CHEYENNE – Three mothers shared their stories about their relationships with their gay and transgender sons and the power of faith, love and acceptance Saturday.
Judy Shepard, Deb Glenn and Neca Allgood spoke at a luncheon program called “A Mother’s Love” sponsored by Wyoming Equality.
The nonprofit organization is an advocacy group that enhances the lives of lesbian, gay, bisexual and transgender people in Wyoming through support and education.
The program was a chance for people in Wyoming to hear about the journey of the mothers and their sons. People also could learn about the transformative power of a parent’s love, said Wyoming Equality’s education coordinator, Sara Burlingame.
Melanie Vigil, of the American Civil Liberties Union of Wyoming, also spoke to the group.
Judy Shepard is the mother of Matthew Shepard, a gay man who died in 1998 after he was attacked by two men in Laramie.
Shepard and her husband, Dennis, started a foundation in their son’s name and have become strong advocates against discrimination.
“This is a whole different world than it was when Matt was in college,” Shepard said. He “would be very pleased at the progress we have made in acceptance and in the legal avenue of marriage and adoption.
”He was involved in politics, starting at age 7 when he participated in his first campaign at school.
“He didn’t understand the concept of political parties because he thought – as we all should think, that idealistically – it’s what’s good for the country, not what’s good for the party,” she said.
“He never understood why churches would ever shut their doors to someone from the LGBT community,” she said.
He told her he was gay when he was 18, she said. She and Dennis were living in Saudi Arabia, where Dennis was working in the oil industry.
“Mom, there’s something I need to tell you. I’m gay,” Matthew said during a phone call, Shepard recalls.
“And I said, ‘what took you so long to tell me?’” she said.When he said he didn’t understand how she knew, she said she replied ‘They tell me it’s a mom thing.’”
When his father was told, Dennis said ‘He’s not gay; he just hasn’t met the right girl yet,’” she said.
Shepard said she told her husband that “this is not about Matt meeting the right girl. It’s about Matt meeting the right man.”
They supported him when he came out. “We would be with Matt, no matter what. First and foremost, he was our son,” she said.
She fought back tears as she asked the advocates of the community not to be quiet, but to vote and talk about their LGBT loved ones. People need to hear the stories, she said. “You need to make it personal and clear.”
Deb Glenn, mother of Tyler Glenn, a singer with the rock band Neon Trees. She also has a strong faith, and has been a member of the Church of Jesus Christ of Latter-day Saints since 1974.
Her son told her he was gay in October 2013 when he was 29. “I grabbed him and told him I loved him,” she said. She also asked when he knew he was gay; he told her he was 3.
She grew distant from friends and church members for about five months after that. She said she was afraid they wouldn’t understand.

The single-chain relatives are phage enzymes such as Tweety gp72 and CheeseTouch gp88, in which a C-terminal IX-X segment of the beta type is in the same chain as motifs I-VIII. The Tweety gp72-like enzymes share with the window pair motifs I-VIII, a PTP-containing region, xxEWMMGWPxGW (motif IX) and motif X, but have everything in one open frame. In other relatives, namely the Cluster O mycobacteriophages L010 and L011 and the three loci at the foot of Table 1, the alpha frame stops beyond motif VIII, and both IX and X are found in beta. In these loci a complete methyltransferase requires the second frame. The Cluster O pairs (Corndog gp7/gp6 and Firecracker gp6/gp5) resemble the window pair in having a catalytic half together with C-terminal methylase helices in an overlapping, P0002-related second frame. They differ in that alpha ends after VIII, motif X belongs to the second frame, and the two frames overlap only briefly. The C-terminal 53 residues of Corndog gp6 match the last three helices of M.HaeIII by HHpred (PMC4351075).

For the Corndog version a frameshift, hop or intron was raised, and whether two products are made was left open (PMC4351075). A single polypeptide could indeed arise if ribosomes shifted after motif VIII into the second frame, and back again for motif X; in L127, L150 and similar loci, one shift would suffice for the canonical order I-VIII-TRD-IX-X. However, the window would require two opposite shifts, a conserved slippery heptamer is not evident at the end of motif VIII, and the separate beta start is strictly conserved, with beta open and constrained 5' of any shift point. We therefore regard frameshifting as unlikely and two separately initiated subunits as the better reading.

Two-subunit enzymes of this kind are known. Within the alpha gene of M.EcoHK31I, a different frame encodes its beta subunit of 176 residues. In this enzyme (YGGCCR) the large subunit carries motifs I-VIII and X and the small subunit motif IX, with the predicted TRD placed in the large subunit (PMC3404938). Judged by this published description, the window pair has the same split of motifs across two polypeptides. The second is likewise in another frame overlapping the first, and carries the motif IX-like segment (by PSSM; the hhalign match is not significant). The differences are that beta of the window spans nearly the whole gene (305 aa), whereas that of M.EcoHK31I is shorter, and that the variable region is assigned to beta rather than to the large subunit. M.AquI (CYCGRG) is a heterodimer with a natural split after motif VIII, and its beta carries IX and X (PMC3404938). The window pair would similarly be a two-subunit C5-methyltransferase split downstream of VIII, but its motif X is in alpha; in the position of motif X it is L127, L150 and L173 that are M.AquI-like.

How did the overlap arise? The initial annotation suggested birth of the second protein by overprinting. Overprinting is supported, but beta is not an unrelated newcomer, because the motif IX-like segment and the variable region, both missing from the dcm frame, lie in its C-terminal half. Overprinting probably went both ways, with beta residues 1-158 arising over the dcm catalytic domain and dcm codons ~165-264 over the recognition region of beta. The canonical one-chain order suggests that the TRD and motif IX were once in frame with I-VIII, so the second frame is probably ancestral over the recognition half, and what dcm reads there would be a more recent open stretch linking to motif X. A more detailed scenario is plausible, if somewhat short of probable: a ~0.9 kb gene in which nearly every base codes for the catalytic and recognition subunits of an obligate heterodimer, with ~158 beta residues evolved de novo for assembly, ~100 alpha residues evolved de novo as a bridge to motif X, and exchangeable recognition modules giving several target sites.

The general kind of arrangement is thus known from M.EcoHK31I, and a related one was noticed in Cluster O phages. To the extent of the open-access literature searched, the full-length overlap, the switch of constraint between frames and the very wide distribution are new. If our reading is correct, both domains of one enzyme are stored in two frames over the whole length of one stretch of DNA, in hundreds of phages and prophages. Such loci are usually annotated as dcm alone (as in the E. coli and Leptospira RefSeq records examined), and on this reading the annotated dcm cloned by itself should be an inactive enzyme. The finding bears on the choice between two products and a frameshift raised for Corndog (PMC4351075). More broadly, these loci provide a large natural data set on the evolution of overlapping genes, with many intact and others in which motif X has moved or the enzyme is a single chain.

When her son came out publicly in 2014 in an article in Rolling Stone magazine, friends contacted her with support and love, she said.
“My heart has been sad knowing the time it took him (to tell her), but my heart is filled with joy that he is free to be himself,” she said.
Glenn is one of the founders of the Mama Dragons, a group of Mormon women whose sons and daughters are part of the LBGT community.
Mama Dragons are women of faith who provide love and support to their sons and daughters.
Utah’s Neca Allgood and husband David Moore presented a video about the journey they have made with their son, Grayson.
Grayson was not at the luncheon as he is a senior in college now.
He was born a girl but identifies as a boy, and he made the social transition when he was 16.
When talking about his feelings then, Grayson told his mother that he had a boy’s soul.
“When he said that, I knew that was his truth,” she said. “That was a time I was really praying a lot to know what to do to help my kid.”
Grayson said on the video that he had a spiritual experience regarding his path. “The Lord told me, yes I’m a boy and it’s going to be OK.”
He made the social transition in six weeks while attending a charter secondary school in Utah. He did not experience problems with students because of the way the administration handled it.“
Having seen a school do it right, I know other schools can do it, too,” Allgood said. Their LDS bishop was supportive.
“I felt like I had my bright, healthy kid back,” she said.
Grayson spoke on camera about the importance of supportive parents. “If you parents lock you out, where can you go, what can you do?”
Melanie Vigil said she told her family sometime in 2008 or 2009.
It didn’t go well at first. “I had a tough time. My parents had a tough time” with acceptance, she said. But eventually they did accept her.
She is a member of the American Civil Liberties Union of Wyoming. Vigil talked about effective ways to reach state legislators to talk about passing anti-discrimination laws in Wyoming.
“Legislators want to hear from you,” Vigil said.
An anti-discrimination bill that would have extended protection to gay and transgender people at work and other places failed last year in the state Legislature.
“We are a loving people,” Burlingame said of Wyoming residents. “We are a generous people, and our laws do not reflect that.”